**Absolute Value**

The absolute value function f (x) = lxl is really a piecewise continuous
function.

**The Greatest Integer Function**

The greatest integer function is defined as

[[x]] = greatest integer less than or equal to x

**Example 8:** Find [[5]], [[2.8]] and [[-2.3]].

**Solution:**

The greatest integer function always round down to the nearest integer so we
have [[5]] = 5,

[[2.8]] = 2, and [[-2.3]] = -3.

Another name for [[x]] is the **floor **function or
. The floor function can be
found on many calculators .

**Families of Functions**

A family of functions is a set of functions that has a specific feature that
changes. For example, the family

given by f (x) = x^{2} + c is the set of parabolas that open upward and have a
vertex on the y-axis.

**2.3 Rate of Change**

The average rate of change of a function is simply the slope of the line segment
connecting two points on

the function.

A function is said to be increasing if the average rate of change is positive
and decreasing if the average

rate of change is negative.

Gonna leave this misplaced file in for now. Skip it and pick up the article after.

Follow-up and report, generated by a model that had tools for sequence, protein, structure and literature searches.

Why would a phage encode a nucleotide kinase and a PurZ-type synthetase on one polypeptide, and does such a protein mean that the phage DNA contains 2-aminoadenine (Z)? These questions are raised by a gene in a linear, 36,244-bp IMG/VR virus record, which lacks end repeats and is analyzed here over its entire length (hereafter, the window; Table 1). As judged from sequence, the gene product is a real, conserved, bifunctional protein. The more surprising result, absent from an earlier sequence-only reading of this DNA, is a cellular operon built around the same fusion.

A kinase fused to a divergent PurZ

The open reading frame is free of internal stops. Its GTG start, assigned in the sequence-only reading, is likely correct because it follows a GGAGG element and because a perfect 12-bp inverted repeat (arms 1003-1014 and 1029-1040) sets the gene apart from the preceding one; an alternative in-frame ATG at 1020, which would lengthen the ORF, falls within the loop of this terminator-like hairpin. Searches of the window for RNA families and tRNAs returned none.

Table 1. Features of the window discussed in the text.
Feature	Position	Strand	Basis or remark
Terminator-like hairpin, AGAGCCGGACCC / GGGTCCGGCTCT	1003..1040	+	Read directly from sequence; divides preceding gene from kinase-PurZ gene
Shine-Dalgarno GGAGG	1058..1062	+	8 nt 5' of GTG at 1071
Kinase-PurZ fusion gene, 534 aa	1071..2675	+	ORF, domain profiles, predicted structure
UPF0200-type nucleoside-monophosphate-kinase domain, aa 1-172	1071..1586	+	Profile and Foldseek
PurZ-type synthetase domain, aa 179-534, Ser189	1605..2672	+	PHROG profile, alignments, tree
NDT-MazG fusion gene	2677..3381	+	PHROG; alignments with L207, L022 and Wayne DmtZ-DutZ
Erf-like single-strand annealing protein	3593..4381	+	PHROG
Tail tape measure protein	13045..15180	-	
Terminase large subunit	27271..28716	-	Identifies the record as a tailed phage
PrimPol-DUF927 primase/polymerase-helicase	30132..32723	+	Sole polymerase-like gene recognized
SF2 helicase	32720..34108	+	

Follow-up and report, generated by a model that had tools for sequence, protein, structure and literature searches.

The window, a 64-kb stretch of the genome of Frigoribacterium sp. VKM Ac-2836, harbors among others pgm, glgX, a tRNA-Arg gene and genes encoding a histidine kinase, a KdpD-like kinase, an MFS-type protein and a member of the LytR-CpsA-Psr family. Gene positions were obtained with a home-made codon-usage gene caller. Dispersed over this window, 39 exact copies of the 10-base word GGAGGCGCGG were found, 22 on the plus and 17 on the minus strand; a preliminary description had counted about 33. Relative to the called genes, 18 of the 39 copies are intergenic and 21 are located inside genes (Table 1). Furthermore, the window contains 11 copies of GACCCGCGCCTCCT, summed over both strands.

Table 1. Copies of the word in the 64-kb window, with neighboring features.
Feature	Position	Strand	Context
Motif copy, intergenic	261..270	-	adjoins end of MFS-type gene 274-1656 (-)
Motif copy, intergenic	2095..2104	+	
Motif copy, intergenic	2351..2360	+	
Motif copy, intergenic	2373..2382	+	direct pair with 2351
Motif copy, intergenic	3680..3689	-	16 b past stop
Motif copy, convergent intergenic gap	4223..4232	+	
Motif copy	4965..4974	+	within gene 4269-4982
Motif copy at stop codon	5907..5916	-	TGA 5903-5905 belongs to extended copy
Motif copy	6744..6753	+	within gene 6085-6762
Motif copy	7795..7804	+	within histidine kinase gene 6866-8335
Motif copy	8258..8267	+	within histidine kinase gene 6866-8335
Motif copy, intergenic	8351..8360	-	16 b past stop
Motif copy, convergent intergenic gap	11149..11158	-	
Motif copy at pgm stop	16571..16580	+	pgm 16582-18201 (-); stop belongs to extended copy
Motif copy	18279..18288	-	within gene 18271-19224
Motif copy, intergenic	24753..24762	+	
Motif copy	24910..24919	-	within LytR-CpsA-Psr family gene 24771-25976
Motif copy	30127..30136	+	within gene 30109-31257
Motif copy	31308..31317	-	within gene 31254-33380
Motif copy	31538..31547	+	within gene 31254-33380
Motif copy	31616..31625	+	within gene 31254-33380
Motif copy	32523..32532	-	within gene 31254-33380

A function can be both increasing and decreasing. For example, y = x^{2} is
decreasing on x ∈ (-∞, 0) and

increasing on x ∈ (0,∞).

**2.4 Transformations of Functions**

A transformation of a function means to change one or more characteristics of a
function while keeping

the same basic function behavior. Typically, transformations are considered
geometrically. Starting with a

function y = f (x),

• Vertical shift: y = f (x) + k moves the graph of f vertically by k units.

• Horizontal shift: y = f (x - h) moves the graph of f horizontally by h units.

• Flip vertically: y = -f (x) flips the graph of f upside-down.

• Stretch(shrink) vertically: y = c f (x) changes the height of the graph of f
by a factor of c .

• Stretch(shrink) horizontally: y = f (cx) changes the width of the graph of f
by a factor of .

**Even and Odd Functions**

A function y = f (x) is said to be **even** if f (-x) = f (x). A function y = f (x)
is said to be **odd** if

f (-x) = -f (x). Even functions are symmetric to the y axis and odd functions
are symmetric to the origin.

**2.5 Quadratic Functions**